Whether a population is well vaccinated correlates strongly with life expectancy at birth. Given the levels of vaccine inequity across the development spectrum, that comes as no surprise: low life expectancy correlates with lower levels of income, which also correlates with vaccine coverage. But it provides another lens to highlight how regressive the global vaccination campaign has turned out to be: it is exactly the countries where people are expected to live shorter lives that are the least protected through vaccines.
As the chart above illustrates, much of the variation in the relationship between full vaccination and life expectancy at birth is due to the variation in income levels. High-income countries (HICs) are at the very top, followed closely by upper-middle-income countries (UMICs) even though these are characterized by much-greater dispersion in both the vaccination and the life expectancy variables. A similar pattern holds true for the lower-middle-income countries (LMICs). Low-income countries (LICs) universally have suffered both low life expectancy and low vaccination rates.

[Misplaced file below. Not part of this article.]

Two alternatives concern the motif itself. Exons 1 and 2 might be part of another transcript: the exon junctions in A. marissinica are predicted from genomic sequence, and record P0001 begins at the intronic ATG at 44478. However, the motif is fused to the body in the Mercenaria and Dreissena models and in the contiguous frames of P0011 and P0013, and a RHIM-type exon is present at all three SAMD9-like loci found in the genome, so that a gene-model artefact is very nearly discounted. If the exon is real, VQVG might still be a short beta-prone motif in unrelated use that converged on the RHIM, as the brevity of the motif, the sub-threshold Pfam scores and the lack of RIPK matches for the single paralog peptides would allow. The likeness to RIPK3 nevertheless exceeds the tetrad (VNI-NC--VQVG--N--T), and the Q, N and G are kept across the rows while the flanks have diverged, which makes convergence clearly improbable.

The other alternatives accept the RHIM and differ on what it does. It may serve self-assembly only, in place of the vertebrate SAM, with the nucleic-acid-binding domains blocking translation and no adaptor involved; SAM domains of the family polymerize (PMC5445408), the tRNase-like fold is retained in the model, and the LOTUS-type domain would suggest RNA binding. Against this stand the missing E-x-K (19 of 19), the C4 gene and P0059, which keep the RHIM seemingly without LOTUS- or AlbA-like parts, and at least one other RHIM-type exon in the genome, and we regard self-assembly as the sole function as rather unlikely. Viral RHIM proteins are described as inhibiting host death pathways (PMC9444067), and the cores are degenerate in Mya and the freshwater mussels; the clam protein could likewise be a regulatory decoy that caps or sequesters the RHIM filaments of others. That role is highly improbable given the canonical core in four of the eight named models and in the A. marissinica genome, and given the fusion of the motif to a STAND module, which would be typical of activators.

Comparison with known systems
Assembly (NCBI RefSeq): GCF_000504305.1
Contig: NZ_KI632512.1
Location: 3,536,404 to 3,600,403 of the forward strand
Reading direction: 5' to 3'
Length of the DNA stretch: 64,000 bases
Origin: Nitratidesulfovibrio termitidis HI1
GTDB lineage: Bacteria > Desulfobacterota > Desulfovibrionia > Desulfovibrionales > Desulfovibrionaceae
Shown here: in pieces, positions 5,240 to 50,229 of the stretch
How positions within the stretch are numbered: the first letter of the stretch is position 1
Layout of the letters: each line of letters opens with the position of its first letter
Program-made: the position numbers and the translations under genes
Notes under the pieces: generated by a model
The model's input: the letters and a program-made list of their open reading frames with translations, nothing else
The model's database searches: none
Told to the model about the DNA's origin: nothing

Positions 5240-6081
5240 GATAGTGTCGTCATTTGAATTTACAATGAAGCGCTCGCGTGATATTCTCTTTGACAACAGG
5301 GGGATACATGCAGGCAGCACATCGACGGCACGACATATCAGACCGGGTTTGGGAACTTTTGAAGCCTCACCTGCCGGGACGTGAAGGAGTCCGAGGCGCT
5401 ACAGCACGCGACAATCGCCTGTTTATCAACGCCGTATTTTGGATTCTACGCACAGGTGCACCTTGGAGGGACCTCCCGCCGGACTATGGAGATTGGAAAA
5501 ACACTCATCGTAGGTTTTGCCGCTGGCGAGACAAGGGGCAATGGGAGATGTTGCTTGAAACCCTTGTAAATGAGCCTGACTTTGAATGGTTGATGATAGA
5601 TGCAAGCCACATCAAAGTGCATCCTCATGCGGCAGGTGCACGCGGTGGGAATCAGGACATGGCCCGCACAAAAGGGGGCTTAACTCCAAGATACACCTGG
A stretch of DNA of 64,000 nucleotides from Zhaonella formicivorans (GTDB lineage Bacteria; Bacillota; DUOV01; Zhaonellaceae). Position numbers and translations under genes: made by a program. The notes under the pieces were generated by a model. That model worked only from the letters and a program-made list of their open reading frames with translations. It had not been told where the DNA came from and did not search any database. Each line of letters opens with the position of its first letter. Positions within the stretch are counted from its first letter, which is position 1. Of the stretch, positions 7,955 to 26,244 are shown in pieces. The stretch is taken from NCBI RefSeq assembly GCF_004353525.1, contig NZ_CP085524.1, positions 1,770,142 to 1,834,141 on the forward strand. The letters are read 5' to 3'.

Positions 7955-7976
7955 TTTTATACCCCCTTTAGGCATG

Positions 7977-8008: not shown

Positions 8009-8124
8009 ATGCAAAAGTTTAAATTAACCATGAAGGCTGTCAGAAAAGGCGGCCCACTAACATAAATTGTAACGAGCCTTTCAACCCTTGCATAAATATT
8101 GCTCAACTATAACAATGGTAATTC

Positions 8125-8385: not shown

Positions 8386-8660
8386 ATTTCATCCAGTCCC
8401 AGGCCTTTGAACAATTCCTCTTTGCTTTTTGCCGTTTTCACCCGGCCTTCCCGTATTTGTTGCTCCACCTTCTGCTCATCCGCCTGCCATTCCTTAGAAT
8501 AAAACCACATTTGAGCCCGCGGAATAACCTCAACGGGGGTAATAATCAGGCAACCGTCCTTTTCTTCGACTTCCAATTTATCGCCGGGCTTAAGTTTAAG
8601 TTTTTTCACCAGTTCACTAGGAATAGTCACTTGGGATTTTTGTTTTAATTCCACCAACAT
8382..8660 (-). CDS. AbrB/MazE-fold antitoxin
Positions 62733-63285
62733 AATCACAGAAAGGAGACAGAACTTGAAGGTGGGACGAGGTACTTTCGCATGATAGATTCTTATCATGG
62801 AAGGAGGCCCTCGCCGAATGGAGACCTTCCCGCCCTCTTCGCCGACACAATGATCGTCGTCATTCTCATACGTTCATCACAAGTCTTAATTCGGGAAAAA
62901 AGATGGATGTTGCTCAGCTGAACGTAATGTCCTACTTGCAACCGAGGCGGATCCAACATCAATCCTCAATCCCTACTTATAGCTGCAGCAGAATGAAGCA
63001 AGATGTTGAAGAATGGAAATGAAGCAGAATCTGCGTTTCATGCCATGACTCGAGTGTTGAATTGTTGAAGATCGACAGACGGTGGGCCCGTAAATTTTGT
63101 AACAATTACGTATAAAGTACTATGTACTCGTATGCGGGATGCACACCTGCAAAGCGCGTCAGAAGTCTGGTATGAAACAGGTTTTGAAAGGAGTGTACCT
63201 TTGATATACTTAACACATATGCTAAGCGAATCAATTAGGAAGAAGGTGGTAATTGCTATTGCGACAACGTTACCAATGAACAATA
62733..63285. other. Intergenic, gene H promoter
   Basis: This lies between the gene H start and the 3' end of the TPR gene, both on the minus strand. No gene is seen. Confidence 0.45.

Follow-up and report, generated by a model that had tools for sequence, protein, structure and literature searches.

The gallery below drills down a little deeper into the heterogeneity we observe within each income group, where we have labelled the largest countries in the sample with their country codes.
The following patterns are apparent:
Among LICs, the relationship between life expectancy and vaccination is mostly flat. We see considerable heterogeneity (at lower levels) in life expectancy but almost universally the vaccination rate is very low.